Today is the Feast of the Dormition (the “falling asleep”) of the Mother of God. It is the analogue in the Eastern Orthodox Church of the Assumption of the Virgin in Roman Catholicism, and on balance, the similarities between the two commemorations are greater than their differences: The Dormition is one of the twelve Great Feasts in the Orthodox year. The Assumption is a holy day of obligation and, I am told, is superseded only by Easter in its importance for Catholics.
The heart of the feast remains the same for both: the end of Mary’s earthly life of faithfulness, the culmination of her own original yes in her agreement to bear the Son of God in the reception of her sanctified body into heaven. It is believed (contrary to some popular misunderstanding) by both Orthodox and Roman Catholics that Mary experienced a normal, natural death, but received upon her burial the glorified state—reunion of body and soul—that is the ultimate end for which all we faithful pray.
In their aesthetic emphasis, though, the two feasts are utterly different: In all the Roman Catholic portrayals of the event that I have seen, Mary is bright-faced and young—evoking the description of the woman “clothed with the sun” from Revelation.
On the rich, glowing portrait that backs the altar of St. Mary of the Assumption in Govans, Baltimore, where my in-laws are parishioners, she is crowned with flowing hair that echoes the undulations of her robe as she is borne heavenward.
On the apron of concrete that tops the postconciliar mega-modern (built 1968) Faith Community of St. Mary in Landover Hills, Maryland, a couple of miles from my house, the Assumption is presented in bas relief, with the Blessed Virgin’s feet treading on billowing clouds that always remind me, paradoxically, of the cover of the 1965 Herb Alpert album Whipped Cream and Other Delights.
In comparison with all that frothy lightness—and I say this as a woman married to a Catholic, with Catholic images of Mary in my house as well as Orthodox ones—the Orthodox icon of the Dormition is weighty and grave.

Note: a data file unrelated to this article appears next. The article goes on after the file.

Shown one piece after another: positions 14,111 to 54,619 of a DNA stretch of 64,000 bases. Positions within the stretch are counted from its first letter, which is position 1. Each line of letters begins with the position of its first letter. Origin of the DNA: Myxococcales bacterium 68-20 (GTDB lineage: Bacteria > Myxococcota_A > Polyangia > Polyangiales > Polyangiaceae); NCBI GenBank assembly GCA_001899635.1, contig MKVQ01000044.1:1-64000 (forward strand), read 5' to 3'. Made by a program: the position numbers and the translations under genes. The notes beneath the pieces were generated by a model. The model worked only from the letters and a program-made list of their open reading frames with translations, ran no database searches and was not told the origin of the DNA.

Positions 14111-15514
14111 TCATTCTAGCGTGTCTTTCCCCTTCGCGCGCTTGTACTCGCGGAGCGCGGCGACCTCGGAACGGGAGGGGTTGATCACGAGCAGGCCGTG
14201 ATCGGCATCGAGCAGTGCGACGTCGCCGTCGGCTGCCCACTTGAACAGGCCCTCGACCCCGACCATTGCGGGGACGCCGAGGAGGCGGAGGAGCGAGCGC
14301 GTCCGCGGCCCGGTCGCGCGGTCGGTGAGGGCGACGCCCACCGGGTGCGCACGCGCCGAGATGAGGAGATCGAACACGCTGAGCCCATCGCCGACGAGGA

It is suffused with that characteristically Orthodox emotion that others have termed bright sadness, an overwhelming joy in sorrow, in the dichotomy between the Now-and-Not-Yet, the Kingdom her son ransomed, but which has not culminated in its final fulfillment.
Here the Mother of God dances not on clouds, but lies flat on a heavily-covered bed, echoing the icon of her own mother, St. Anna, when she brought forth baby Mary in childbirth. Just as Anna was, Mary is not a young woman here, but has the covered hair of a matron and a face that looks lined and resigned to me, though that just might be my misperception of certain conventions of iconography.
The tableau is thus oddly earth-centered, which seems fitting to me, given that it rests on the oblique line of the Church’s extra-biblical tradition: This is a scene I can truly and utterly believe, whether it is in the Bible or not, and I cannot look at the icon of the Dormition without thinking of, and praying for, my own mother, lying on her deathbed and gasping for breath in the pulmonary unit at Inova Fairfax Hospital.
That my mother, with her sorrows, could be mothered by the Mother, who in her own sorrow and obedience and incomprehensible vigilance can witness for all of us before the Bright Throne.
And we, both male and female, must be about the very business of witnessing for God to each other: For it is not just women who are called to be like the Virgin Mary—
It is all of us Christians.
Mary—the Theotokos, the god bearer, as Orthodox call her—is both the literal and symbolic uniting of heaven and earth, and we, too, must follow in her steps.
The tradition is that when Thomas finally made it back to Jerusalem after Mary’s death, the stone from Mary’s tomb was rolled away and the inside was revealed to be empty. She who had borne the universe inside her had been borne away to it.
Or as we sing in the Kontakion hymn of the feast:
Neither the tomb, nor death could hold the Theotokos,
Who is constant in prayer and our firm hope in her intercessions.
For being the Mother of Life,
She was translated to life by the One who dwelt in her virginal womb.
In some icons of the Dormition, Christ descends from the top of the frame amid the shining almond of a mandorla, a sign that the events depicted therein can only be spiritually perceived. In his arms, he carries a swaddling-wrapped female baby that is said to represent Mary’s soul.
I look at that tiny baby, and think of my own little daughter when she was born, and Christ lifting up my mother’s soul, and I think that little icon baby is the ultimate objective correlative for all the thinking and psychoanalysis I’ve done in my years on this earth, the end goal to which all of us should aspire. That we might, like our model Mary, be gathered, lifted, and transformed.